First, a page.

Cryptocurrency and Business

Maybe you’ve heard something about cryptocurrencies­, before, during, or after the recent swings in the market. Whether you’re an individual looking to diversify your portfolio, a business seeking to accept cryptocurrencies, someone with tax questions about gains from trading, or you would just like to know a little bit more about them, here is a guide with our answers to 7 questions we’ve heard about cryptocurrencies.

Start from the beginning, how do cryptocurrencies work?

Cryptocurrency, sometimes called “virtual currency,” is just digital representation of value other than a representation of a government-backed currency, like the US dollar. Cryptocurrencies generally are not controlled by any government or central authority because they are managed by peer-to-peer connections of computers around the world secured by tech called blockchain to verify each transaction made with a cryptocurrency. Blockchain is something like a secure running ledger of transactions that records every time someone sent or received the cryptocurrency.

Why do I care about cryptocurrencies?

One reason people like cryptocurrencies is that they feel more secure using cryptocurrency for online transactions because of the blockchain technology. Others may like cryptocurrencies for their investment opportunity. Fortune has estimated that the global blockchain market size was worth $2.01 billion in 2019 and estimates a value of $69.04 billion by 2027. If your business allows customers to purchase goods or services online, you may have customers who are interested in paying through cryptocurrency.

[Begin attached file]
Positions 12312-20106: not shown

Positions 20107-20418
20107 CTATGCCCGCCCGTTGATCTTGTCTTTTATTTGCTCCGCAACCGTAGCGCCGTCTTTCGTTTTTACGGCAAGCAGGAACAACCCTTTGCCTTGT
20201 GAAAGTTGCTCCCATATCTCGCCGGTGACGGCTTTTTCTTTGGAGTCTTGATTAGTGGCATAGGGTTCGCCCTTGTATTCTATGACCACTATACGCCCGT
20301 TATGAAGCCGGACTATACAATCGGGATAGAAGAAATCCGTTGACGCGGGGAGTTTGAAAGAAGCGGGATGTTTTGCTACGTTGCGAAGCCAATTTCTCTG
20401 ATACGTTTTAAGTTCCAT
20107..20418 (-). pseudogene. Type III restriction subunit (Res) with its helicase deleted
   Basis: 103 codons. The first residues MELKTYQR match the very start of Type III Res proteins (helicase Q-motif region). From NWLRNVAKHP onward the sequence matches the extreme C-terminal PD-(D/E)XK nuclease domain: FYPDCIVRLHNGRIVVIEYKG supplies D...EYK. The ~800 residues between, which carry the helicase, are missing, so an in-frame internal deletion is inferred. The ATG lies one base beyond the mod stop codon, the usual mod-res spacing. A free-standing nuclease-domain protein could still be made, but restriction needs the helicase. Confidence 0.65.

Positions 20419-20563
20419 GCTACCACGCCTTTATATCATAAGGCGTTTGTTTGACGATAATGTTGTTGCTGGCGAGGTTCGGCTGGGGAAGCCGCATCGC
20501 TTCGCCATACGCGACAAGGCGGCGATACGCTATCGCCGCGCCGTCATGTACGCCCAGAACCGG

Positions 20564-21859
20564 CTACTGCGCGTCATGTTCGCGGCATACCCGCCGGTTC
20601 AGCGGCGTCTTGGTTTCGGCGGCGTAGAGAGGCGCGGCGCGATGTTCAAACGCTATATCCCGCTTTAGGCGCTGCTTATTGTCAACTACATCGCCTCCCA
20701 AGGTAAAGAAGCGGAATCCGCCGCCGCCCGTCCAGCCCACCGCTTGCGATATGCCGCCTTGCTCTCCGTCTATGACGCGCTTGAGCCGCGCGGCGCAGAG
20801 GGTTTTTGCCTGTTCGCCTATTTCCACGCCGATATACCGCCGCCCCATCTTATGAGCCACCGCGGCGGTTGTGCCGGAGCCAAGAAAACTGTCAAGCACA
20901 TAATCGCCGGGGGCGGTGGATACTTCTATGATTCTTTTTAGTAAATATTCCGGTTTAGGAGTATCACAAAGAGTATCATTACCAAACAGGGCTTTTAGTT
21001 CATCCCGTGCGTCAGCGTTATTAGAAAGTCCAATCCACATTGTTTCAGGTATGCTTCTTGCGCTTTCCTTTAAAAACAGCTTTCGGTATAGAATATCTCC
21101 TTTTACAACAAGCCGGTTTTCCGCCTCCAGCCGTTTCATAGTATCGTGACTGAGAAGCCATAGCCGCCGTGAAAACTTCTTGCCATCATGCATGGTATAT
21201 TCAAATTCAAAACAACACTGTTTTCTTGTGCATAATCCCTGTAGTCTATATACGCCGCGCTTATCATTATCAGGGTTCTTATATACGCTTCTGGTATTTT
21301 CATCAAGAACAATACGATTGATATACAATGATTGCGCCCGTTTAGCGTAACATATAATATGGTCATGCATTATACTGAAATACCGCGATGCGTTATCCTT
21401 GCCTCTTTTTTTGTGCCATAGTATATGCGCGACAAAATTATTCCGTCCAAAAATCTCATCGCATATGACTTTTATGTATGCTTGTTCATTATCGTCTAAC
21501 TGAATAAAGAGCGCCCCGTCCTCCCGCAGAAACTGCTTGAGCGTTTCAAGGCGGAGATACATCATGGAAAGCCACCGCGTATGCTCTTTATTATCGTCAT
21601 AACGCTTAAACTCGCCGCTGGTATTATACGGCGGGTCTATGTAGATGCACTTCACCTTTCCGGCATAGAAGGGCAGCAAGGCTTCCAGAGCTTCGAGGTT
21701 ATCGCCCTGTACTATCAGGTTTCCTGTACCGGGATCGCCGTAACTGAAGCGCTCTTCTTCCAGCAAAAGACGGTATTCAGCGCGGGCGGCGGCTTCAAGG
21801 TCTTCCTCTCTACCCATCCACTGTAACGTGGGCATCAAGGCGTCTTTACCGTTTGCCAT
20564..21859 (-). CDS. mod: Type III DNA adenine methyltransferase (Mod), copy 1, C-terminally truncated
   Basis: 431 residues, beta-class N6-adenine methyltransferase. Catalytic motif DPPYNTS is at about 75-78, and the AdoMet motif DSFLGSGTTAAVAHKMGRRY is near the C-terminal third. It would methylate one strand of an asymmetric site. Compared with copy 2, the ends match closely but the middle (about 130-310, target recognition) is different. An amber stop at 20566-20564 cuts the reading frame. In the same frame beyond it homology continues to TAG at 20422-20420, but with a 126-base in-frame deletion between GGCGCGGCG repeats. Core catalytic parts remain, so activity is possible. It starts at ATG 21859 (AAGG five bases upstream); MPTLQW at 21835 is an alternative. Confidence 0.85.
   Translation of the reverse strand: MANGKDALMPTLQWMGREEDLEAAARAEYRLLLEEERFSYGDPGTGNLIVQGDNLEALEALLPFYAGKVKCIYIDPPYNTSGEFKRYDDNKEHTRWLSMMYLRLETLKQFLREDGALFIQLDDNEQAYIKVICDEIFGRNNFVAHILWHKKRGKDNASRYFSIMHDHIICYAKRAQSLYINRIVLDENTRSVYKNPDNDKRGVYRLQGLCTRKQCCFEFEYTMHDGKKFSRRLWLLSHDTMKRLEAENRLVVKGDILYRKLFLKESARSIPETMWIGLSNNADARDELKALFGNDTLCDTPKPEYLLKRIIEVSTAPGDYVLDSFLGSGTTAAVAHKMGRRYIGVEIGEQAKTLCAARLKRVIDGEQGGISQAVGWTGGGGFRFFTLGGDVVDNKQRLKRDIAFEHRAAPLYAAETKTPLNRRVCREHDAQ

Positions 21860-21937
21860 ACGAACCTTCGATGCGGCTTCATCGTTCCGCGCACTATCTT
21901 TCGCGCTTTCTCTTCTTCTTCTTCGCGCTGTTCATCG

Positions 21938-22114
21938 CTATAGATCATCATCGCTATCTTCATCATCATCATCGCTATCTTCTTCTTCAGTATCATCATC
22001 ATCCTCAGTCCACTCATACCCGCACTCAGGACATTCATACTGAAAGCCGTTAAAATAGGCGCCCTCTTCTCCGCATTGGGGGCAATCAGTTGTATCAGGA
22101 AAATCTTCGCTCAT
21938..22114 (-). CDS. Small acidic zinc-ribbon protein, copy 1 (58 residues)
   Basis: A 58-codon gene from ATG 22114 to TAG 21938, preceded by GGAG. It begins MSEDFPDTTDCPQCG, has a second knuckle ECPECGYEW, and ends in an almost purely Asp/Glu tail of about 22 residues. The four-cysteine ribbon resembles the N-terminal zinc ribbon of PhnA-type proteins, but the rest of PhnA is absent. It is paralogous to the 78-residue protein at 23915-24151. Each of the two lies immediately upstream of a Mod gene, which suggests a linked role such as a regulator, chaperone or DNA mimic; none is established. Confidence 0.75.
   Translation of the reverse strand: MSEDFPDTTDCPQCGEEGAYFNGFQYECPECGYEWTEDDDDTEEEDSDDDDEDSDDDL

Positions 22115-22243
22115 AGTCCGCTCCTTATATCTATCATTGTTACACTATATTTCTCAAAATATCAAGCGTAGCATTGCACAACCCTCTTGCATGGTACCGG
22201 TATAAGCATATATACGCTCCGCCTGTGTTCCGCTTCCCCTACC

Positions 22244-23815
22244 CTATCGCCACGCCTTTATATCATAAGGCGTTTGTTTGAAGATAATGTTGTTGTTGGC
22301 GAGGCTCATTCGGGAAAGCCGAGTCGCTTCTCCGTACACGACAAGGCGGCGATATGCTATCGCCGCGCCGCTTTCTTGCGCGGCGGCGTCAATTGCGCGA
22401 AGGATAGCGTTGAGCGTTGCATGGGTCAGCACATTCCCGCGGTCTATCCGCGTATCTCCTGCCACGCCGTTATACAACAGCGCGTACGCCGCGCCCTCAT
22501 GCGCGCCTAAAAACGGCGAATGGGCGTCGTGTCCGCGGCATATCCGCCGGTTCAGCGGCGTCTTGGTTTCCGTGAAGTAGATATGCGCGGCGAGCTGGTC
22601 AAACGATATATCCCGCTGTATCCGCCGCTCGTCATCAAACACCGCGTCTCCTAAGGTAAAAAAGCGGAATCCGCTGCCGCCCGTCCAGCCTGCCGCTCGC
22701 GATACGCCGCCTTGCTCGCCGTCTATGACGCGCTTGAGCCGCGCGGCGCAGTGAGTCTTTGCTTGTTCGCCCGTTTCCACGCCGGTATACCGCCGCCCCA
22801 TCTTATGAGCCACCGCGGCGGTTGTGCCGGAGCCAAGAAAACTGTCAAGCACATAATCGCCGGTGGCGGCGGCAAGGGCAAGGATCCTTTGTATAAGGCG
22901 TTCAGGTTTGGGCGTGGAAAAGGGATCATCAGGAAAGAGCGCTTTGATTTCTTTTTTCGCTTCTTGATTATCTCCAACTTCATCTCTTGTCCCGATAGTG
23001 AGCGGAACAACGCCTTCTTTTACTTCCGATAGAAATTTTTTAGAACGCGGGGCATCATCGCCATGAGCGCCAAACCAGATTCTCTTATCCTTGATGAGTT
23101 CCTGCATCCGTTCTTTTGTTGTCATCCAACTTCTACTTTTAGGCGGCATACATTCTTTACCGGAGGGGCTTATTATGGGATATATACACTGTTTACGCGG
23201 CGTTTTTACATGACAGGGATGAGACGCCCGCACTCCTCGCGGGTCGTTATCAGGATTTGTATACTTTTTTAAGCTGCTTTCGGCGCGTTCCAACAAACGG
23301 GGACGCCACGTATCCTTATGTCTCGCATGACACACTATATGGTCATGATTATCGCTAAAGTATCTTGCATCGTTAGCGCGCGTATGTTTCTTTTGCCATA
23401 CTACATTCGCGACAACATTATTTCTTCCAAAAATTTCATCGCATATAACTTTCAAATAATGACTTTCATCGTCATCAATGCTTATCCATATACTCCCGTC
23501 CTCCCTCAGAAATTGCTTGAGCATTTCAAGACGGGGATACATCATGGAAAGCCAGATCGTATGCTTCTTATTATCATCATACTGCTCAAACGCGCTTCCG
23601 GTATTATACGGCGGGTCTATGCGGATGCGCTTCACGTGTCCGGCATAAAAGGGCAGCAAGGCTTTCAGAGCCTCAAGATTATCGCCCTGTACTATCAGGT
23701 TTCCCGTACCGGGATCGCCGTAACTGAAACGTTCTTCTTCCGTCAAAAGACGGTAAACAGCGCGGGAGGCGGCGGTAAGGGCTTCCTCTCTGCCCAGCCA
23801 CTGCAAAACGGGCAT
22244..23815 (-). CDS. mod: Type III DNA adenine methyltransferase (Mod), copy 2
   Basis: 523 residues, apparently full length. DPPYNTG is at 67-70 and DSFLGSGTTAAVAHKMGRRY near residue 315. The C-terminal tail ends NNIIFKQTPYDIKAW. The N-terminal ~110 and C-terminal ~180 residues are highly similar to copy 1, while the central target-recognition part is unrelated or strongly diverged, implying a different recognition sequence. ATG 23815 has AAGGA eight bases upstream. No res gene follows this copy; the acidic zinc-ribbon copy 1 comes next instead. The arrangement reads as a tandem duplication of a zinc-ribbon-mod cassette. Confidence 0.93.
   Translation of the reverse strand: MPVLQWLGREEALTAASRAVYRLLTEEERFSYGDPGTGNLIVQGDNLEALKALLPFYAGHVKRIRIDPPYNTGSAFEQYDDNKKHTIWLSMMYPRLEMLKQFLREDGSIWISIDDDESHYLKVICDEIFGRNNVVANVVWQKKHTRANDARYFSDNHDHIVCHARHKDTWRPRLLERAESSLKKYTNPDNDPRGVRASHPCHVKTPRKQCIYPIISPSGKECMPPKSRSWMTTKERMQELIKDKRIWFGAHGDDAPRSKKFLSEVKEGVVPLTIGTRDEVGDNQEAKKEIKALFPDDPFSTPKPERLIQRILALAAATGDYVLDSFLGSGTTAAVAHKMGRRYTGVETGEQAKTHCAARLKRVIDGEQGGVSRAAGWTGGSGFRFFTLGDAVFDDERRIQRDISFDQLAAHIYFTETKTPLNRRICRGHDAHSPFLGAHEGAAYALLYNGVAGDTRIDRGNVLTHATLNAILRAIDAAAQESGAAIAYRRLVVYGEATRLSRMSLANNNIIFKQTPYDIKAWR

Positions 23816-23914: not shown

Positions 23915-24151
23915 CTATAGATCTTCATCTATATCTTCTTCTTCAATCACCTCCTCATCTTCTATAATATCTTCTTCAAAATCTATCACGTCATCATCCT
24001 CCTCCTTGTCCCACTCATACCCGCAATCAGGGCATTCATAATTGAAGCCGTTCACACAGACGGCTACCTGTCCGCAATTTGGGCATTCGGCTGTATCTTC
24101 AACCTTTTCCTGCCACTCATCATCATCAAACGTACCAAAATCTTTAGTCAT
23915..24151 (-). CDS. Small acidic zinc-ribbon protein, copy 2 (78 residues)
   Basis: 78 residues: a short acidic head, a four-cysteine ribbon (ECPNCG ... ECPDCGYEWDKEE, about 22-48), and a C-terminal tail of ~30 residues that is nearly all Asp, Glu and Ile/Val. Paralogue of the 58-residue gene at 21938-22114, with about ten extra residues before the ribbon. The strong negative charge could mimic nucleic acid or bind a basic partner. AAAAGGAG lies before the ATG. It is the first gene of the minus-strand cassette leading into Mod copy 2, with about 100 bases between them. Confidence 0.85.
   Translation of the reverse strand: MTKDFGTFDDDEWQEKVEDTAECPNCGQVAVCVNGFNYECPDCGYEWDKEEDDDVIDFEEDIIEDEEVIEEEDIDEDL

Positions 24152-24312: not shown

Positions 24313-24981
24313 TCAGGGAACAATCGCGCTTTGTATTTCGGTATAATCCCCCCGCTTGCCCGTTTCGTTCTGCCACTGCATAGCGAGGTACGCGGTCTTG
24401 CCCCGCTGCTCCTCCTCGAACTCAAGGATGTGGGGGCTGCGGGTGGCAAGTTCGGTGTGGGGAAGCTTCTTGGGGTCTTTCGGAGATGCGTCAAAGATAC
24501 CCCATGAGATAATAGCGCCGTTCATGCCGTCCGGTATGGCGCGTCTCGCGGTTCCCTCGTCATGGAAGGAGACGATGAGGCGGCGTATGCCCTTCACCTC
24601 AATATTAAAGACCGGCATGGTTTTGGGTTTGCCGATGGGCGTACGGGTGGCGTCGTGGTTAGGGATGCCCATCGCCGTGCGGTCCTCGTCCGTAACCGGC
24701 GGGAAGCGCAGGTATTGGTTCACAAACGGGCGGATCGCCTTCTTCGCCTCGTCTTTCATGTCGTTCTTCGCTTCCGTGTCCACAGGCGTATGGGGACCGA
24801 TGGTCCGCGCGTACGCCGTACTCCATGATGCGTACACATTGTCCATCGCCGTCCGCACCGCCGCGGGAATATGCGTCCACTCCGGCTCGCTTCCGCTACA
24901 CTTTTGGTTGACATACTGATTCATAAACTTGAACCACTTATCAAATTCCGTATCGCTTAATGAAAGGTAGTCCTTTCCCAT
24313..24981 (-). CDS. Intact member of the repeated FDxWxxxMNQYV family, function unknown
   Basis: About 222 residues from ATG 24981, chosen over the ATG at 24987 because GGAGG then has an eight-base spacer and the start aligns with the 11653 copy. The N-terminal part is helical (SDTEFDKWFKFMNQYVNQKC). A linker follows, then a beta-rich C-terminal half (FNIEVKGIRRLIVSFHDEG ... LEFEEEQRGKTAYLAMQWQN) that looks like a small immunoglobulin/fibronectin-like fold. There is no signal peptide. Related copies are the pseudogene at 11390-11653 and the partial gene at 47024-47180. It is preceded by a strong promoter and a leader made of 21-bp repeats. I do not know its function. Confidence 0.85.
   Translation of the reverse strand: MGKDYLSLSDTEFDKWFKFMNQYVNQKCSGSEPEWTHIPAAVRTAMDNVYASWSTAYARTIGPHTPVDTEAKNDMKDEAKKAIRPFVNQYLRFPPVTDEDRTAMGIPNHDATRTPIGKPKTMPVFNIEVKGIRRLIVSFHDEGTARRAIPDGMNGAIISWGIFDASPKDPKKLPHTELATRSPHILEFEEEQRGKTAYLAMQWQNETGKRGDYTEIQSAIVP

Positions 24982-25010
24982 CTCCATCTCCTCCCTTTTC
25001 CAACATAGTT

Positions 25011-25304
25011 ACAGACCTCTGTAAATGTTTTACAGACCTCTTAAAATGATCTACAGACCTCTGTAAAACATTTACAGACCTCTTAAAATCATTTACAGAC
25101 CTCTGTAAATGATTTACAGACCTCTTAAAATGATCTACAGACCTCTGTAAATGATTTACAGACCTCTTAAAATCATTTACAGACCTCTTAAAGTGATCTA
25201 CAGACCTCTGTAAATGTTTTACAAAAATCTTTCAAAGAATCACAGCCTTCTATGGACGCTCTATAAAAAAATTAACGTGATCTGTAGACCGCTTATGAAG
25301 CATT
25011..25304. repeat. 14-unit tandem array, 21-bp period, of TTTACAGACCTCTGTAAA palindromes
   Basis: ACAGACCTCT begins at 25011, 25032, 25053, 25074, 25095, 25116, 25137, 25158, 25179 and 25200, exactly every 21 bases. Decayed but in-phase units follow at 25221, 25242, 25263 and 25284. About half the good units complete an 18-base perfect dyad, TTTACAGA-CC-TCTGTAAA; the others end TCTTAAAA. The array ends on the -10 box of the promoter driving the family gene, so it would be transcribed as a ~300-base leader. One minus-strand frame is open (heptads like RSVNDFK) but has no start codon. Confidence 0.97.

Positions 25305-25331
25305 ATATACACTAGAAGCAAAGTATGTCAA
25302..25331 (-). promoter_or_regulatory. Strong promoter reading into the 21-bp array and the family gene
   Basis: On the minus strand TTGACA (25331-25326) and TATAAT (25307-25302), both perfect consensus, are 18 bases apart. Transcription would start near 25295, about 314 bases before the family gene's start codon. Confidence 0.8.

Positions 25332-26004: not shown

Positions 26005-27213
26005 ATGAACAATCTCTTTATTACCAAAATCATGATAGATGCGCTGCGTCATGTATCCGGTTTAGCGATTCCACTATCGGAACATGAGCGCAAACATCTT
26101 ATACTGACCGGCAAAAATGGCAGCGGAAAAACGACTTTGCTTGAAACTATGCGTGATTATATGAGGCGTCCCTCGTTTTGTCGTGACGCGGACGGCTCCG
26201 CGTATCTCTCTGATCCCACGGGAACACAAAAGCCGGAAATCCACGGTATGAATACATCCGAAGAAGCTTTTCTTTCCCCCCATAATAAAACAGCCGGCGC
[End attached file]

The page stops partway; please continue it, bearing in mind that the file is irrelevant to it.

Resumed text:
What tax implications can purchase or sale of cryptocurrency have for an individual?

Per IRS Notice 2014-21, the IRS takes the position that cryptocurrencies are just like ordinary personal property; they are not treated as currency for purposes of US federal tax. Therefore, for example, if you sell your cryptocurrency for more than it was worth as of the date you mined it for the cryptocurrency, (congratulations!) you may have a taxable gain to report. Whether you must recognize the value of any capital gain or loss from your sale of cryptocurrency can be a bit of a complicated question. Keep in mind that if you “purchase” goods or services with your cryptocurrency, you may also recognize a capital gain or loss from the transaction

One final note on the individual tax side, as of the date of this article, the IRS took the position for the 2020 year that if an individual only purchased cryptocurrency but did not make any other cryptocurrency transactions during the year, then no reporting on Form 1040 was necessary.

Can my tax-exempt organization accept virtual currency donations?

Yes. A charitable organization that receives cryptocurrency as a donation should treat the donation as a noncash contribution to the charitable organization and report the donation accordingly. If a charity sells, exchanges, or disposes of cryptocurrency, it may have additional reporting requirements.

How can I get my business ready to accept cryptocurrencies?

If you are interested in setting your business up to accept cryptocurrency from your customers, some trading platforms, such as Coinbase, Cash App, or Bisq offer resources to allow customers to transfer cryptocurrency to you for payment. Although we don’t suggest or recommend any particular platform, we suggest implementing an internal roadmap for record retention and reporting of cryptocurrency transactions prior to beginning accepting cryptocurrency as payment from customers.

What do I need to know about how cryptocurrencies integrate with my estate plan?

One of the many questions to consider regarding cryptocurrency and your estate plan is ensuring that your personal representative has access to your cryptocurrency when the time comes to wind up affairs. Attorney Joshua Weidemann from O’Connor & Thomas, P.C. was the principal drafter of, and assisted with the passage of, the Iowa Fiduciary Access to Digital Assets Act, which allows individuals to more easily provide their executor or trustee with authority to manage digital assets.

Can you tell me more?

If this article has sparked your interest, or maybe raised additional questions about how you can leverage cryptocurrency to meet your business, privacy, or estate planning objectives please contact us to discuss how we can help you accomplish your goals.